State Symbols graphic organizer

May 13, 2012

State Symbols graphic organizer

May 13, 2012
Hey everyone! This is just a quick little share for those who may be working on state projects.

So, even though my class is comprised of ELL newcomers, I follow the grade level curriculum of our 4th and 5th grade neighbors as closely as I can. And, right now, it’s state-project-season! 4th graders are working on a state project focusing on a famous person or area of our state, while 5th graders are resesarching any of the other 50 states for their project.

All projects have a visual piece (a trifold board), as well as written pieces (in the form of a report or two).

The only problem? It kind of works out to be three different projects in one class…

I have mostly 4th graders this year, but I have a pretty big split between newcomer students and ELL students who have advanced skills in English. That means my higher-level ELL students will be able to research a famous person/place in our state with relative ease. But this is the first major project in English for many of my newest ELL students (one of my new guys just came last Tuesday!!), so they will need a great deal of support and the chance to interact with one another to work on their speaking skills–so they will be working on maps, state symbols, landforms of our state (like an overview of their new home, to help them get familiar with it).

To help keep my sanity and to best help all of my students with their individual projects, I am creating some open-ended and (hopefully) easy-to-use graphic organizers. The one I’m sharing tonight is an example of this. Since all trifold boards (in both grade levels) need to feature state symbols, we began there.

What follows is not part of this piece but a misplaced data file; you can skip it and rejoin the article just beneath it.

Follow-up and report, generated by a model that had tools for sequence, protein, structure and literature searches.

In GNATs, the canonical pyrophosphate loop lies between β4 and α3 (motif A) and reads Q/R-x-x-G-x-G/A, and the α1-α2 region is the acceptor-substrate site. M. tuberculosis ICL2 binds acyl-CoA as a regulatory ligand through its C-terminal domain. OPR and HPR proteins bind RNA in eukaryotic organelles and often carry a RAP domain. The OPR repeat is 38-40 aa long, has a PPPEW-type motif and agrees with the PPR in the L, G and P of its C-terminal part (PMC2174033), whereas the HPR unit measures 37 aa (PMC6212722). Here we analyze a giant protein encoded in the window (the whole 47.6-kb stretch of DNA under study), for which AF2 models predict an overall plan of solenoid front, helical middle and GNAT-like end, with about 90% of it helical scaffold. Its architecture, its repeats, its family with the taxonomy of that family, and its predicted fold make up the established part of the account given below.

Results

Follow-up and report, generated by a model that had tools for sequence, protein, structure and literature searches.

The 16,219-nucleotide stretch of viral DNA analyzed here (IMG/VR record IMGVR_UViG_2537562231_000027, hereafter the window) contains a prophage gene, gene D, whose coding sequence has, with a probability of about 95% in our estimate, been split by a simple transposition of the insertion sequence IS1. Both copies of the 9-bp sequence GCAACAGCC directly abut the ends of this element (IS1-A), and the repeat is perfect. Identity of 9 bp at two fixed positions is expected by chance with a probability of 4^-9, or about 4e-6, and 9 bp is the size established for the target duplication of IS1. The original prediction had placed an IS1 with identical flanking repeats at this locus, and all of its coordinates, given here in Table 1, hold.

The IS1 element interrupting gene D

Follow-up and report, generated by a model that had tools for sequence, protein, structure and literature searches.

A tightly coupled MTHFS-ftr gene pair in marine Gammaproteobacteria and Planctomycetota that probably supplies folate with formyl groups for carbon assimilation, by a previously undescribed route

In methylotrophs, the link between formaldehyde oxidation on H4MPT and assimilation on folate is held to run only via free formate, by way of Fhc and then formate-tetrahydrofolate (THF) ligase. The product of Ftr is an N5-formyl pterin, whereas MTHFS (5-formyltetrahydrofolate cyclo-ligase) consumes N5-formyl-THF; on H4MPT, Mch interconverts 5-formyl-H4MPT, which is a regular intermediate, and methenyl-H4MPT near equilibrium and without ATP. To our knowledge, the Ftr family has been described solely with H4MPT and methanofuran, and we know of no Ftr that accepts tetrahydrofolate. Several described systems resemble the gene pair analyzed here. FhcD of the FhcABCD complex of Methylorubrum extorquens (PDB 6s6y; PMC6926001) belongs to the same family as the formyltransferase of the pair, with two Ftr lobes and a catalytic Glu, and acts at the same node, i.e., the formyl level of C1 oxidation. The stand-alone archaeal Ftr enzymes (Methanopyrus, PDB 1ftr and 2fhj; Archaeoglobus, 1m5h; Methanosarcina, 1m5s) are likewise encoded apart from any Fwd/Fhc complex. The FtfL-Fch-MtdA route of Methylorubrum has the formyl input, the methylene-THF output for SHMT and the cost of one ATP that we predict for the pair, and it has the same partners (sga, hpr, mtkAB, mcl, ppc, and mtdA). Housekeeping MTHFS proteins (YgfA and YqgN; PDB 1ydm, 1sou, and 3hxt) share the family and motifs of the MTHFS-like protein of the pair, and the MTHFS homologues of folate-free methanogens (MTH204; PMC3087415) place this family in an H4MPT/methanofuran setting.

After a mini-lesson/overview on state symbols, what they mean, and their importance to the different states in America, I modeled how to use this graphic organizer with a couple of different websites and library books to find the necessary information (one really great site is below…very easy to use and has some nice information on each states’ symbols):
So my students will store all of these notes in their binders, then type them up for their boards, or work them into their papers for the written part of the project. If you would like, I can share more as we go, just let me know. We will be moving on to maps and timelines this week. I hope this can be used by someone out there!! And I hope you all have a relaxing evening! 🙂


  • Kristin May 13, 2012 at 1:26 am

    Wow – that's all I can say. I can't imagine what a normal day for you looks like. You are so special!!!!!!!!!!!!!! Those kids are so lucky to have you!
    A Teeny Tiny Teacher

  • Sarah Paul May 13, 2012 at 3:09 am

    Thanks Kristen!
    Sarah's First Grade Snippets

  • Ms. Frank May 13, 2012 at 3:48 am

    Love it! Thanks for sharing!

    Turtley Loving Teaching

  • Kellie May 13, 2012 at 12:47 pm

    Thanks so much! 🙂

  • Vivian May 15, 2012 at 2:31 pm

    Wow I love your blog! Yes I would love more of this lesson as you go. I too am an ELL teacher so I really appreciate all the information you post.

  • Leave a Reply


    Instagram did not return a 200.

    Follow @ladybugsteacherfiles